The Struggle To Conduct Ourselves

“The best portion of a good man’s life is his little, nameless, unremembered acts of kindness and love.” – William Wordsworth

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Rarely do I write about the decay of our social niceties, but more and more I’m noticing that the world seems to be breaking the rules of etiquette that were ingrained in our heads as children. In 2011, we’ve come a long way –we can connect with people all around the world, we use science for the good of our communities, and we have become a lot more kindhearted and accepting of those different from us (although we still could stand to improve in that arena!).

However, perhaps in our mad rush to do as much as we can in as little time as possible, we have sacrificed some of the laws of proper decorum. Sometimes it hurts to see how much we lose in exchange for efficiency.

I’m not asking everyone to enroll in finishing school or sign up for Cotillion, but if we could each take a step back, maybe we could learn to conduct ourselves in a better way. Next time you’re out somewhere: say please and thank you. Hold the door open for someone. Clean up after yourself. Pay genuine compliments. Be gracious when you receiveΒ a compliment.Β Make time to be polite and friendly, especially to those serving you. Don’t mumble (unless you are talking to your parents and trying to annoy them). When a guest in someone’s home, offer to help your hostess in the kitchen; even if she insists that you should just sit down and make yourself comfortable, she will appreciate the gesture. Don’t leave unwanted clothes in the fitting room. Try to learn the other person’s name and say it when appropriate (as Dale Carnegie once said, the most beautiful sound is the sound of your own name). Remember the easily-forgotten tidbits about your friends and pull them out every so often, like a favorite sweater that you would hate to wear out. Come prepared and organized when you attend interviews, meetings and other professional events. Smile like you mean it.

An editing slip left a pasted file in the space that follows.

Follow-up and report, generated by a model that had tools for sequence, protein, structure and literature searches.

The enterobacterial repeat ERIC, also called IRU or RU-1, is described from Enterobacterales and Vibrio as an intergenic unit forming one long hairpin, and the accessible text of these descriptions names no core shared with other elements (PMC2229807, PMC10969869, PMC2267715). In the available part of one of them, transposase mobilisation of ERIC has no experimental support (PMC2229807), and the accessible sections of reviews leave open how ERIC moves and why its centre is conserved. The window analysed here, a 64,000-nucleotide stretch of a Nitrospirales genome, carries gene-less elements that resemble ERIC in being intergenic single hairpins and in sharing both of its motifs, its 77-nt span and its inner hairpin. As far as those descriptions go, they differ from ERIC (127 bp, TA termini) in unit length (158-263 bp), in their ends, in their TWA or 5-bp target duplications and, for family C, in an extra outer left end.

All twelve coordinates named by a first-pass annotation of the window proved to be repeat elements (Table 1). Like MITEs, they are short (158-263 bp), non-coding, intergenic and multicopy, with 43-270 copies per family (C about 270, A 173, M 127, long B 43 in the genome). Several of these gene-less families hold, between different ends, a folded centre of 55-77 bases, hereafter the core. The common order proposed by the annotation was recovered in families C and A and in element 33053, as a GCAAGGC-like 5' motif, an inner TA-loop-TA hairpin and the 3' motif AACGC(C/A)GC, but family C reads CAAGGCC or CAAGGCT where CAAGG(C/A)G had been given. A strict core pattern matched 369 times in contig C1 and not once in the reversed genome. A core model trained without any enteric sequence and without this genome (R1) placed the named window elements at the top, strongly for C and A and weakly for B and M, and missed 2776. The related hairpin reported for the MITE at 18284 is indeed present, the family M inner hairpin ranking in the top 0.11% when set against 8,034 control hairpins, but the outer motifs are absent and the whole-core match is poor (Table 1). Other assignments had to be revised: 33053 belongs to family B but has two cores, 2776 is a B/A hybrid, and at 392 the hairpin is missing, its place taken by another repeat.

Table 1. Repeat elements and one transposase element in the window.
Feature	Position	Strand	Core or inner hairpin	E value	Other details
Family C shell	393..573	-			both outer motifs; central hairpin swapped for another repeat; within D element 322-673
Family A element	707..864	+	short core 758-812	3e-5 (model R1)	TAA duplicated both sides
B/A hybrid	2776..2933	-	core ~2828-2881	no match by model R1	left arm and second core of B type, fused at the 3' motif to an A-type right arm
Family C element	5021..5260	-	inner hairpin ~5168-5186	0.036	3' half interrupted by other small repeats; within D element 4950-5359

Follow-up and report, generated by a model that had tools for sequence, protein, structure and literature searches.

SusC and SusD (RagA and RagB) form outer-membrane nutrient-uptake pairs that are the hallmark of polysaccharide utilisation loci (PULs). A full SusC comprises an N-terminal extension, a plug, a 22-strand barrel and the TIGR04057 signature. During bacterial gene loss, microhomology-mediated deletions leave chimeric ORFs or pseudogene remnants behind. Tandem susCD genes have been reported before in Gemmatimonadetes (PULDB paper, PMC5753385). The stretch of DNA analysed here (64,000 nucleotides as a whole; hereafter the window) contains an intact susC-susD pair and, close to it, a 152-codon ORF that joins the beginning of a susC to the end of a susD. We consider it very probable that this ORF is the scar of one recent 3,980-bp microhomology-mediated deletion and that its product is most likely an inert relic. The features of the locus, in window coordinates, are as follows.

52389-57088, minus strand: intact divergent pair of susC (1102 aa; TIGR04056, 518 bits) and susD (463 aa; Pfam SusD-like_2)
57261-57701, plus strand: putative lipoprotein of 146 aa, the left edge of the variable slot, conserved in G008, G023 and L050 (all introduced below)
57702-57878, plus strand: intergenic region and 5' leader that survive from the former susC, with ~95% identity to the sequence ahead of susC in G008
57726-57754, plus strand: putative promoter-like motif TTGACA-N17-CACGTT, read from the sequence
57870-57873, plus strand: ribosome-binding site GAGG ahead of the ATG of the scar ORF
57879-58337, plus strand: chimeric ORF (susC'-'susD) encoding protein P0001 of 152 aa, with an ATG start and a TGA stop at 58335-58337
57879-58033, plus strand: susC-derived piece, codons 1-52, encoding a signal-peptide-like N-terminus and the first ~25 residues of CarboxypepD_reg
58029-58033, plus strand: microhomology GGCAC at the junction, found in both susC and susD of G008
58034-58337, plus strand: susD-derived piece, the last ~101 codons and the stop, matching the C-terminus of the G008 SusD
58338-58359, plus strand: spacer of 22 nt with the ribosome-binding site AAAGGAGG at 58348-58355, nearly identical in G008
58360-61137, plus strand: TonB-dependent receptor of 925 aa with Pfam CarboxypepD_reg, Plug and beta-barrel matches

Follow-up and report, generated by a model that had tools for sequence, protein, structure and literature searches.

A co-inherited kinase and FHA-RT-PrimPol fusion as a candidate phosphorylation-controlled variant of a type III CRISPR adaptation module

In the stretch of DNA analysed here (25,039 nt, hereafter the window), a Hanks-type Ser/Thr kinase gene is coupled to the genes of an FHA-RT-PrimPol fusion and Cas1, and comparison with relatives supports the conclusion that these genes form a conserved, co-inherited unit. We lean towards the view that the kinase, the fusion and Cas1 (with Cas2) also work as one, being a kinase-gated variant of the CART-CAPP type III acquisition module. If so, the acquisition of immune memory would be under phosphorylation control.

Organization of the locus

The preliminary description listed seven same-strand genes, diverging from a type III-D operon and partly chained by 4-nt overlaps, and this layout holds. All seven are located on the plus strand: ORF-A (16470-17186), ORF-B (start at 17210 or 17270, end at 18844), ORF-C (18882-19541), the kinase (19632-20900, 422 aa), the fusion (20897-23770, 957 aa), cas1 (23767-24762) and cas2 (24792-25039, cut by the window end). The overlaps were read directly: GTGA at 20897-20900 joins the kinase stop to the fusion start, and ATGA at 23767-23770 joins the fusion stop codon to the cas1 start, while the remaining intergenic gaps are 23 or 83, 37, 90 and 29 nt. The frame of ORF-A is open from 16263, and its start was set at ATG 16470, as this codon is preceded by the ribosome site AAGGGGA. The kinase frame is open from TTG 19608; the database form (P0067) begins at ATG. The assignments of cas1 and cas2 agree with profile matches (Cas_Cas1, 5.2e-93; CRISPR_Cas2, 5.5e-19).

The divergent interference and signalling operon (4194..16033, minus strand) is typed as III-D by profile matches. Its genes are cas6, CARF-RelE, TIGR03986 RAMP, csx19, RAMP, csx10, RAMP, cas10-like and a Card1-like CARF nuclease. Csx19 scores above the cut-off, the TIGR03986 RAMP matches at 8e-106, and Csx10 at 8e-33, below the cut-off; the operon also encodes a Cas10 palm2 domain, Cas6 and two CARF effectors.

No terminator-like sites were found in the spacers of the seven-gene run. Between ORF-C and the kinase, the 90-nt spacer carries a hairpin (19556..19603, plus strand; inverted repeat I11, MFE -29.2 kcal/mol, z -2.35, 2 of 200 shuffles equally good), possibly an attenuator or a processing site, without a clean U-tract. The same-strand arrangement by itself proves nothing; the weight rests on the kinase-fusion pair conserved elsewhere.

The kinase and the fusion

The little things really do mean the most, as my friend Kalehli so elegantly puts it on her blog, and so in our quests for world domination, let’s try our best to keep the world of conscientiousness and kindness alive. πŸ™‚

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4 comments

  1. Aw, your such a sweetheart for mentioning me πŸ™‚

    You’re so right of course, I was a busser for almost 4 years and my night was made easier by kind customers and it was always nice to have them use my name. Smiling is always nice too πŸ™‚

  2. Val, you’ve done it again! You never cease to amaze me with your beautiful writing. This post is so thoughtful and I definitely believe every word you said. We can all make this world better by doing such simple things. All of these little things really can make someone’s day all that more worthwhile.

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